Policing Germany: Between Authoritarian Rule and Civil Society, 1871–1918

AHA Session 187
German Historical Institute 2
Saturday, January 7, 2012: 2:30 PM-4:30 PM
Chicago Ballroom D (Chicago Marriott Downtown)
Richard Wetzell, German Historical Institute
Richard Wetzell, German Historical Institute

Session Abstract

Policing Germany: Between Authoritarian Rule and Civil Society, 1871-1918

The historiography of nineteenth-century Germany has been the subject of considerable revisions in recent years, resulting in important contributions to how historians understand German nation building. However, historians’ understanding of nineteenth-century Germany is still overshadowed by Prussia’s history and attendant notions of an authoritarian state. The police and practices of policing in particular have figured as crucial agents underpinning authoritarian rule. This panel proposes to make a critical intervention in the historicization of this formative era for Germany by drawing new attention to the crucial role of honor lawsuits in Imperial Germany and the policing of communities in Bavaria and Prussia between 1871 and 1918. We stress that the execution of state power caused complex processes whose outcome escapes the convenient categorizations of a top-down-model. At the core of our discussion lie questions of 1) how state power was executed, 2) how efficient the efforts to discipline subjects actually were, and 3) how courts, the police and private citizens responded to legal regulations. Emphasizing the role of citizenship, courts, urbanization, and the heterogeneity of police agendas, this reappraisal is not only relevant to a new perspective on German history, but also entails critical findings concerning the impact of policing in a broader European context.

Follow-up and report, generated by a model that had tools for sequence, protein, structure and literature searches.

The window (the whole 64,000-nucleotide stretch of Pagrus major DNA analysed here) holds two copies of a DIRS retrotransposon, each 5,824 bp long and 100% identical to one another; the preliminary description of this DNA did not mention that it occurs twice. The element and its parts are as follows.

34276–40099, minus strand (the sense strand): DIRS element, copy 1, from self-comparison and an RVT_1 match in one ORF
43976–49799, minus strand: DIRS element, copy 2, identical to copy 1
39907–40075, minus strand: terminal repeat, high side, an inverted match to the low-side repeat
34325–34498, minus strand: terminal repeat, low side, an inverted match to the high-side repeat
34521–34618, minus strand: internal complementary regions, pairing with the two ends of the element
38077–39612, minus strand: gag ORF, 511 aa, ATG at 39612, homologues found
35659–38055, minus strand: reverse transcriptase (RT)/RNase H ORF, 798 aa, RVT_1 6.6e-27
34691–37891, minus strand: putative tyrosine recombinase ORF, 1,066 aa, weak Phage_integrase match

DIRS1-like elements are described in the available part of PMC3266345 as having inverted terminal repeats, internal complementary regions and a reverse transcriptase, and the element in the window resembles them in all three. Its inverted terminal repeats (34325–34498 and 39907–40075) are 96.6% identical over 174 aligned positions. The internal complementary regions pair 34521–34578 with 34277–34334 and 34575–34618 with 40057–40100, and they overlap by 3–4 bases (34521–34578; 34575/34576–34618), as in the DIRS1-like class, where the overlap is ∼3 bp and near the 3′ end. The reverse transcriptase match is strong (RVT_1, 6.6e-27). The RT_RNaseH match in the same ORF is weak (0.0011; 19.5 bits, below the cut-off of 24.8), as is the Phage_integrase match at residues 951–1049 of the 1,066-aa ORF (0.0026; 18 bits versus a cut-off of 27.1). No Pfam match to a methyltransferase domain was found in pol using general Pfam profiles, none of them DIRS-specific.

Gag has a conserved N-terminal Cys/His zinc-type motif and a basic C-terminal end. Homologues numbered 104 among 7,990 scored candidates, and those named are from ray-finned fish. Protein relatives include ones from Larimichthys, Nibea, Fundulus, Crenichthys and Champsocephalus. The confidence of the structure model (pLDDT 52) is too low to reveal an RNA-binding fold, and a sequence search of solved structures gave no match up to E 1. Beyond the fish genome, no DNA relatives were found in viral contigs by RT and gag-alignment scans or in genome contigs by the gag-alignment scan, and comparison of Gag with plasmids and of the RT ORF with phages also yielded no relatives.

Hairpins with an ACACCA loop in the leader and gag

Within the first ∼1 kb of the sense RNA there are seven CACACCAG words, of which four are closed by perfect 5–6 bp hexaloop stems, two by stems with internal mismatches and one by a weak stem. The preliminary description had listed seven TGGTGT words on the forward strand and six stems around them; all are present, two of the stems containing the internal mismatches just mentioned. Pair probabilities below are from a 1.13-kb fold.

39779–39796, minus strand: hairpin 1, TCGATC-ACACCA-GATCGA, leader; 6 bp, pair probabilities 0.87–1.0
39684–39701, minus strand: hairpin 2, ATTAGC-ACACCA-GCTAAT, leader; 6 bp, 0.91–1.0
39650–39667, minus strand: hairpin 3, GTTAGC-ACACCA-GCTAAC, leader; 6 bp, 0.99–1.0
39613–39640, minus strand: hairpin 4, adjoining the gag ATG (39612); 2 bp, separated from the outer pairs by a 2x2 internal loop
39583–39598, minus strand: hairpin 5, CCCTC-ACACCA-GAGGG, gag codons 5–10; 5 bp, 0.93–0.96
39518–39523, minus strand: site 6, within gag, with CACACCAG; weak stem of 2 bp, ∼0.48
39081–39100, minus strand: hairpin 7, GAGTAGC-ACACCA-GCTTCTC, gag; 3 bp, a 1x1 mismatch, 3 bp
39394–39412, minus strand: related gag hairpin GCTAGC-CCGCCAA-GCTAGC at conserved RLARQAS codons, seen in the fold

The far-reaching legal changes implemented during the 1870s and the profound transformations of German society altered not only the role and position of courts and the police, but were also decisive for the development of an enhanced awareness of civic rights among German citizens. Subsequently, civil servants and the broader population underwent a “learning process,” respectively negotiating their realms of authority and rights. Conflicts among citizens or between private citizens and the police are particularly vital sources in order to understand the ways in which these negotiations over policing and civil liberties took place. Furthermore, these records demonstrate that the notion of a comprehensive and effective system of supervision and control needs to be revised.

Private citizens did not simply accept police decisions, but productively disputed constraints or fines, complained about the seemingly arbitrary behavior of police officers, or even went to trial to enforce their rights. Moreover, police work came increasingly under the supervision of the press. In response to complaints and accusations, the police were predominantly interested in defending their professional honor. In the case of Berlin, the police were forced to find a manageable compromise between guaranteeing public order and granting night entertainments adequate for a metropolis.

While many of our findings suggest a rather antagonistic relationship between the police and the population, in time, the police came to be perceived as a positive force. Through an exposition of certain critical events in the practices of policing and the management of the civilian population, we will offer explanations of how this transformation in the perception of policing came to be. Our critical considerations of policies and practices will certainly unsettle received notions about authoritarian rule in Imperial Germany.

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